Can I Live?
The internet is ruining us.
The internet is my lifelong bad boyfriend. I love it, and crave its approval, and at this point, it literally pays the bills. 99% of the time, I think the internet is the fucking best–– especially when it gives me cat gifs or videos of porcupines eating corn on the cob.
But as with almost all great things, there’s a downside. When you have access to everyone’s thoughts and opinions, you have access to everyone’s thoughts and opinions. And sometimes, those opinions suck.
Back yonder when people still actually had to show up to plans they made because they couldn’t bail via text, the only opinions on our choices that really mattered to us were those of like, our family, our good friends, and our dogs. But now, thanks to the inconceivably massive reach of the internet, opinions are flying at us from all directions, all the time. People who think we should all be gluten-free versus people who think gluten allergies are made up. People who think breastfeeding is the only surefire way to make sure your child doesn’t grow up to be a serial killer. People who think Scott Baio deserves a shot at political commentating.
The thing about all the people behind screens with their opinions is that they don’t know you. Or even if they do–– even if they’re the pastor’s wife at your church or your best friend’s new girlfriend–– they don’t necessarily know what’s best for you. We choose who to confide in, who to ask for advice, for a reason. We pick our best friends because we trust them, and we know they know us better than anyone else. I know which one to go to when I need a sympathetic ear. I know which one to go to when I have an ill-advised crush. I know which one to go to when I need someone to pull me back to reality. And none of those people are bloggers or twitter personalities or talk show hosts.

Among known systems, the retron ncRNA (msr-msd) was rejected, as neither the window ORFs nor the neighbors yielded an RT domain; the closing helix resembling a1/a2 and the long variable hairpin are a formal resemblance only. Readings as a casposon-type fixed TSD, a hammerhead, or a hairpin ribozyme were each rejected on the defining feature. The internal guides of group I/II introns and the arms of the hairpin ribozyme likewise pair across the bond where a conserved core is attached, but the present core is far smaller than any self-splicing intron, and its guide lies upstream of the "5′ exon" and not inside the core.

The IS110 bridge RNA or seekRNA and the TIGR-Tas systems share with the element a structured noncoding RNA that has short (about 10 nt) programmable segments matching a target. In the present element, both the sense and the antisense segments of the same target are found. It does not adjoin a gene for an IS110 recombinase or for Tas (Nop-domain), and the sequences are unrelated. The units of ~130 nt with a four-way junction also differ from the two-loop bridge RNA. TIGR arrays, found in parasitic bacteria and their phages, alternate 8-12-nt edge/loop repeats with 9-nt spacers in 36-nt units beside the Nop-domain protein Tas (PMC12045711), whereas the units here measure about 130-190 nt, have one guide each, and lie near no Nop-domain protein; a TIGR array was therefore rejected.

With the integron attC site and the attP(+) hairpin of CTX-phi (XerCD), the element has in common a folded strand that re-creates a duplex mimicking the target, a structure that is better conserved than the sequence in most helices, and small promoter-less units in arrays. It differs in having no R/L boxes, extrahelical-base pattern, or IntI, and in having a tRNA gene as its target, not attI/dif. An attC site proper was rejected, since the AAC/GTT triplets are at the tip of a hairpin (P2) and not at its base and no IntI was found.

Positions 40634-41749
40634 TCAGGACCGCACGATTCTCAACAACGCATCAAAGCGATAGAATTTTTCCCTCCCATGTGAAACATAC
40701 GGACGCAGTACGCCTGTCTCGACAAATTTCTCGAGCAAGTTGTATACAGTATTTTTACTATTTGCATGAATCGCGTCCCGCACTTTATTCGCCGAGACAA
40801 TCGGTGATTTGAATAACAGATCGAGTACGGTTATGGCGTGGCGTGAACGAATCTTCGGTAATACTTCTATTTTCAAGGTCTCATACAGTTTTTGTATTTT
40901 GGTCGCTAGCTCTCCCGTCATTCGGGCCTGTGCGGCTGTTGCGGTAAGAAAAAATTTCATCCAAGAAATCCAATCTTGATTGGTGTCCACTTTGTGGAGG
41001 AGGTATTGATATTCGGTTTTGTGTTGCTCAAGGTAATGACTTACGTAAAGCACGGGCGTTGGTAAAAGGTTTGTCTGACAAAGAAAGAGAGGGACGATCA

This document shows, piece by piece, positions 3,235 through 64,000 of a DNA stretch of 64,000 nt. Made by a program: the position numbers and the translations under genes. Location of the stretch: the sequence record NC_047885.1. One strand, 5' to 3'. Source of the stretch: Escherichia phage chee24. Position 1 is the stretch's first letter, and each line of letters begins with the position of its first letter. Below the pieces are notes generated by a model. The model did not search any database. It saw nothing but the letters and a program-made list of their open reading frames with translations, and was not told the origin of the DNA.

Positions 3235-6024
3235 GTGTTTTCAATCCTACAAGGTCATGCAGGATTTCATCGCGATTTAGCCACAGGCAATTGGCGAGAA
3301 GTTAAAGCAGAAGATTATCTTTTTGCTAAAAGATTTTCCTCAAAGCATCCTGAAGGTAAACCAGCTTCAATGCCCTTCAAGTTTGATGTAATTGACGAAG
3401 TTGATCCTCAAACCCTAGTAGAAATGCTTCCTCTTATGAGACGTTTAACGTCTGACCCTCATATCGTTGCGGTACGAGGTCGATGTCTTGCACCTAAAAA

When you’re chronically ill, you’re bound to come across just about every opinion possible on how you should be living your life–– not only socially and politically, but also health-wise, which at best is annoying and at its worst can be dangerous. You’ll have people blogging about how yoga cured them, or trying to sell you a diet plan, or worshipping at the altar of essential oils. You’ll have friends of friends sending you articles about “cures” and randoms implying that you brought your disease on yourself by eating too many carbs or spending too much time watching TV as a kid. The thing about these opinions is that for pretty much any opinion that exists on the internet, the inverse of it exists as well. So maybe put down the Google and just talk to your doctor and some fellow patients and friends that you really trust.
So next time you’re on the other side of things and tempted to take a hard stance on something and make a sweeping judgement, bite your tongue–– both so you shut up and so you start having a Pavlovian response between being judgey and being in serious mouth pain. If you hear someone talking about how they plan to adopt, remember that you don’t know the ins and outs of their situation and refrain from yelling “BUT YOU’RE MISSING OUT ON REAL MOTHERHOOD,” like a giant douche. If someone tells you they send their kids to park district pre-school, don’t launch into a lecture about how kids need to learn Portuguese by age four. If someone tells you they don’t eat meat, maybe just live and let live and don’t talk about how great the lamb you had last night tasted.
Moral of the story here is try not to be a dick, let people live their lives, and if you need a break from internet opinions, turn your phone off and play with your cats until you forget your step-grandma’s judgey, Trump-supporting Facebook account exists
C’est la vie, yo.